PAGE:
I am currently writing this sentence on the device that you can see in the above picture. It is, as you might have guessed, called the AlphaSmart 3000. It is a keyboard with a small screen. It costs $30 on Amazon and can run for 700 hours on three AA batteries. After I finish typing this article into my AlphaSmart, I will connect it to my computer using an ancient USB cable, press a button in the top right corner that says “SEND,” and watch my words materialize inside of a Google Doc. Owning one has made me less of an unproductive human sloth, which makes me want to celebrate it as if it were my child. I'm still sort of an unproductive human sloth, so I not gonna go sing its praises from the top of a mountain because that would involve climbing one, so instead, I am on this website, telling the world that I think the AlphaSmart 3000 is the cat’s pajamas.
The particular AlphaSmart unit that I own was built in 2003 or so, and even back then it was outdated. Originally created in the early 90s by a pair of Apple engineers, the AlphaSmart quickly became a staple in public schools, because they were a) cheaper than computers but could be used to teach typing skills, and b) could not be destroyed by even the most rambunctious of large children. AlphaSmarts are cheap hunks of plastic with basic keyboards connected to basic screens by basic circuitry, and as a result, they can withstand drops, karate chops, spills, earthquakes, dog bites, or anything else you can throw at it (like, I'm pretty sure I could pelt my AlphaSmart with rocks and still be able to use it). Because of their sole purpose, they have also developed a cult following among people like me, who like to write things but also possess terrible attention spans and love to fall into a sea of Firefox tabs instead of actually writing.
Now, don't get me wrong, the AlphaSmart 3000 is definitely a dumbass keyboard for dumbass dorks. But at least it manages to be dorky without being all ostentatious about it. While there definitely are ridiculous blog posts and forums threads where people talk about how much they love their AlphaSmarts, most of the discussion is strictly limited to how practical these things are, or teasing out teentsy differences between various AlphaSmart models. On the other hand, typewriters — inevitably the thing that the AlphaSmart gets compared to — have a whole subculture devoted them. There are no debates over which vintage brands offer a more aesthetically pleasing experience over others, no exhausting YouTube videos about performing rocket surgery on them. Instead, the AlphaSmart is the alpha of smart, and it is the omega of smart, and that's all there is to it.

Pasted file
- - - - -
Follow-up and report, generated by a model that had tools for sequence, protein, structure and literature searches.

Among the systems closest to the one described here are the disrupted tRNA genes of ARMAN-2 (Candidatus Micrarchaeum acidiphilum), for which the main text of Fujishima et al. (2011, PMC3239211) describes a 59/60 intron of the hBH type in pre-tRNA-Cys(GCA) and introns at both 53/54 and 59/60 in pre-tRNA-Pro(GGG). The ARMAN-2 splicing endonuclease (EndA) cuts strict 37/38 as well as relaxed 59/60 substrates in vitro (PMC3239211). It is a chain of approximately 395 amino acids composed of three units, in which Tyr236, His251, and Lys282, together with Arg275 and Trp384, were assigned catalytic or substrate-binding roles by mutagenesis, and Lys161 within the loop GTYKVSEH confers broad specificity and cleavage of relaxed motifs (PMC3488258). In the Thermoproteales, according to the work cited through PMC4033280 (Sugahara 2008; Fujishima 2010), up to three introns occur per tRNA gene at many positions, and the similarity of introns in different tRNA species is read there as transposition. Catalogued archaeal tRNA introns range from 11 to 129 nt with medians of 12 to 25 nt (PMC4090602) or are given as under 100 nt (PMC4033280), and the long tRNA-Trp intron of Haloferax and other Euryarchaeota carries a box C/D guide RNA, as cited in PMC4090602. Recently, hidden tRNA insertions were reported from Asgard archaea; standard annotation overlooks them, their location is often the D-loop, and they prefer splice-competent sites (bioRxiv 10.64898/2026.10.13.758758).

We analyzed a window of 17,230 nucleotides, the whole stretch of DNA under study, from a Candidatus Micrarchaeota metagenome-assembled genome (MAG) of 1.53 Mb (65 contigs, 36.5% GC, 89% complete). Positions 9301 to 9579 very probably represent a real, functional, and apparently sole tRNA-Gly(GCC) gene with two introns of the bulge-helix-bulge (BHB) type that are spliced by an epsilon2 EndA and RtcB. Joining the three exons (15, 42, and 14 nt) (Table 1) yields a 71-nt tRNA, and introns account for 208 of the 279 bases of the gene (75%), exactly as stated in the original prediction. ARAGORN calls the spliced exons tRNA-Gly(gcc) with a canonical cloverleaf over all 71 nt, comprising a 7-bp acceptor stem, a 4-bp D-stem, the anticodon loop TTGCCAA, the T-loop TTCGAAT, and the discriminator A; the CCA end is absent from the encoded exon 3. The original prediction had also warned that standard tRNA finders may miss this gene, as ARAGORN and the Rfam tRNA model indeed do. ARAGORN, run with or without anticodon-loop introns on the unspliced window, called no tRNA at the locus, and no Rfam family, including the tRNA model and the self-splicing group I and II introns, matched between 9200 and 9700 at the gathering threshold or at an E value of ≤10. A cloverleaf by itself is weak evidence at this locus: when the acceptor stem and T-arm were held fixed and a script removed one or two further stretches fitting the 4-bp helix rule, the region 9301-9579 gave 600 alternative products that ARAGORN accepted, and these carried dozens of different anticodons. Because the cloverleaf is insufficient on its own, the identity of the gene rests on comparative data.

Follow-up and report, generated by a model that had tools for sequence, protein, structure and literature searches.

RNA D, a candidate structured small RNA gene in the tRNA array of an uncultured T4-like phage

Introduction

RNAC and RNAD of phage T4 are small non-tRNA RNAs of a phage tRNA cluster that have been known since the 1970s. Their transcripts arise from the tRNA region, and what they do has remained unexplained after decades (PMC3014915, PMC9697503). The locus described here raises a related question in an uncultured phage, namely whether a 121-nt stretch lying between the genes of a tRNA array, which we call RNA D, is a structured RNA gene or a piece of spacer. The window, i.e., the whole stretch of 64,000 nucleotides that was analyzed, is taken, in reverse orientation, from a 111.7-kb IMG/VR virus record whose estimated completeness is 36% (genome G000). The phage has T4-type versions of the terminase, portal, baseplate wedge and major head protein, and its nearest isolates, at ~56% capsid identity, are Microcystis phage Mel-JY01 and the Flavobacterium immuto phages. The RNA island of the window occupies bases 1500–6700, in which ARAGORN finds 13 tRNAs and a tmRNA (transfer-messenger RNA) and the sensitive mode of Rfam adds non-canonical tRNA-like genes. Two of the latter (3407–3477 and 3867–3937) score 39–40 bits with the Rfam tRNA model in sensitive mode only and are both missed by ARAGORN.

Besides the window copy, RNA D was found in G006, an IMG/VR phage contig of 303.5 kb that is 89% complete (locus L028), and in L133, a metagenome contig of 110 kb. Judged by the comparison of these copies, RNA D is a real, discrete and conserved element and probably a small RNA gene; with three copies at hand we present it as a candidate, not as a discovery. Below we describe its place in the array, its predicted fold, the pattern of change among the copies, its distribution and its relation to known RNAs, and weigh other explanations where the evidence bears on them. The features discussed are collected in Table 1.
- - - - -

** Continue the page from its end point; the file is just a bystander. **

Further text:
Achieving nonspecific “productivity” — in other words, getting things done for the hell of it — is highly questionable, and something that we have interrogated at length. But doing things that you want to do because you derive joy from them is wonderful, and the best pieces of technology help facilitate exactly that. The AlphaSmart 3000 is a relic from an era when technology companies made stuff that was intended to perform one or two specific functions — think Palm Pilots, mp3 players, and GPS systems — rather than creating apps that work on phones and tablets, devices which promise to do anything you could want them to, as well as a whole lot of stuff that you don’t.
The way technology works today encourages multitasking — if you’re already doing something on a device that can do it all, why try to do it all at once? — and if you’re not careful, your brain can begin to spin so many plates at once that they all tumble down and break at your feet. My AlphaSmart 3000 helps break this cycle, offering clarity and focus in a world that profits off pulling our attention in every single direction. Plus, I’m pretty sure that mine has a calculator on it, so if I get super bored I can always remind myself that even when I think writing sucks, it's less sucky than having to do math.